Path Analysis on Gestational Socio-economic Determinants of Nutritional Status in Children Under Five in Purworejo Regency, Central Java

Ika Yuli Ayuningrum, Harsono Salimo, Yulia Lanti Retno Dewi


Background: Undernutrition by height-for-age standard starts during pregnancy and continues to the first two years of life. Linear growth disorders among children under five years are associated with morbidity, mortality, loss of physical growth potential, reduced neurological development, reduced cognitive functions, and increased risks of adulthood chronic diseases. In 2015, the number of undernourished children under five (height-for-age) reached 156 million globally. Purworejo regency was an area with the second highest under­nutrition cases in Central Java in 2014. This study aimed to analyze the life-course epidemiology perspectives on the socio-economic factors contributing to the nutritional status of the children aged two to five years in Purworejo regency, Central Java.

Subjects and Method: This was an observational analytical study with case control design. This study was conducted in Purworejo, Kaligesing, and Bruno sub-districts, Purworejo Regency, Central Java in February to March 2017. A total sample 160 children aged two to five years and their mothers were selected by fixed disease sampling. There were 37 children in the case groups, and 113 children in the control groups. The independent variables included family income, maternal age, maternal nutritional status (mid upper arm circumference), birth length, exclusive breastfeeding and the children’s history of illness. The dependent variable was the children’s nutritional status (height-for-age/HAZ). Data on the children’s height were collected using microtoise. Other data were collected by maternal and children health (MCH) books and a set of questionnaires. The data were analyzed using path analysis.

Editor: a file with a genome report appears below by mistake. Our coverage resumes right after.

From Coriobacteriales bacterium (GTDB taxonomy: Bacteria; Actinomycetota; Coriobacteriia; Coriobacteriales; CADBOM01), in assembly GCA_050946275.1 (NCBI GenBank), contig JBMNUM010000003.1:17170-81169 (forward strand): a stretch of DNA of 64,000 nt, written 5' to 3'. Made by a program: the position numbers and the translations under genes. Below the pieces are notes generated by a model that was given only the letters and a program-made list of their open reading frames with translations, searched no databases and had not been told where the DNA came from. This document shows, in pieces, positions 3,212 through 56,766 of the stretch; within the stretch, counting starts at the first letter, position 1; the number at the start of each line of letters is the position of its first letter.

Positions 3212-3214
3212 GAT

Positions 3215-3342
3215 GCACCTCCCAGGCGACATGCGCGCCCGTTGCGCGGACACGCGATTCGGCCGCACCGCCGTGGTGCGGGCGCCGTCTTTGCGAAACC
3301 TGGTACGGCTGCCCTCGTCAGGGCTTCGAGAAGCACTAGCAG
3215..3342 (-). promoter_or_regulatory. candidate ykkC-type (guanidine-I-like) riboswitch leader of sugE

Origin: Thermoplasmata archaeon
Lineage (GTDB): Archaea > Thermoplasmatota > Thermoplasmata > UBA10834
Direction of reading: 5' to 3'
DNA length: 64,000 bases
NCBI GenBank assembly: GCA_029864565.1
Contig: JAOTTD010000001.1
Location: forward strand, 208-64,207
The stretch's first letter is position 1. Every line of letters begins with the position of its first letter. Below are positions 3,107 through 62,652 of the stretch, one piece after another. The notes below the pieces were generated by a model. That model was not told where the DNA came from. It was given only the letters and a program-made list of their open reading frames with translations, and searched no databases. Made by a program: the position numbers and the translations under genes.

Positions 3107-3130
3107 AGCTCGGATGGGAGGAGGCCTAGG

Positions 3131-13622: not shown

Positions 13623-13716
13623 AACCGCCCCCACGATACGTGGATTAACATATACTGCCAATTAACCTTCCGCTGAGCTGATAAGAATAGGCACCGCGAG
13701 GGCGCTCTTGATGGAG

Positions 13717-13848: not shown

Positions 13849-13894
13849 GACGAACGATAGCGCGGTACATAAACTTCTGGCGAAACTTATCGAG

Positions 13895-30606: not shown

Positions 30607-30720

Results: Nutritional status of children under five (height-for-age/HAZ) was affected by family income (x Rp 100,000) (b=0.03; SE=0.24; p<0.001), maternal age (years) (b=0.02; SE=0.02; p=0.160), maternal nutritional status/MUAC (cm) (b=0.08; SE=0.05; p=0.066), birth length (cm) (b=0.22; SE=0.05; p<0.001), exclusive breastfeeding (b= 0.03; SE=0.16; p=0.080), and the absence of illness (b=0.39; SE=0.14; p=0.007).

Conclusion: Nutritional status of the children under five (height-for-age/HAZ) is affected by family income, birth length, exclusive breastfeeding, maternal age, maternal nutritional status, and the absence of illness.

Keywords: nutritional status, children under five, life-course epidemiology, socio-economic

Correspondence: Ika Yuli Ayuningrum. Magister of Public Health Program, Sebelas Maret University, Surakarta. Email: Mobile: +6285729407360.

Journal of Maternal and Child Health (2017), 2(1): 30-41


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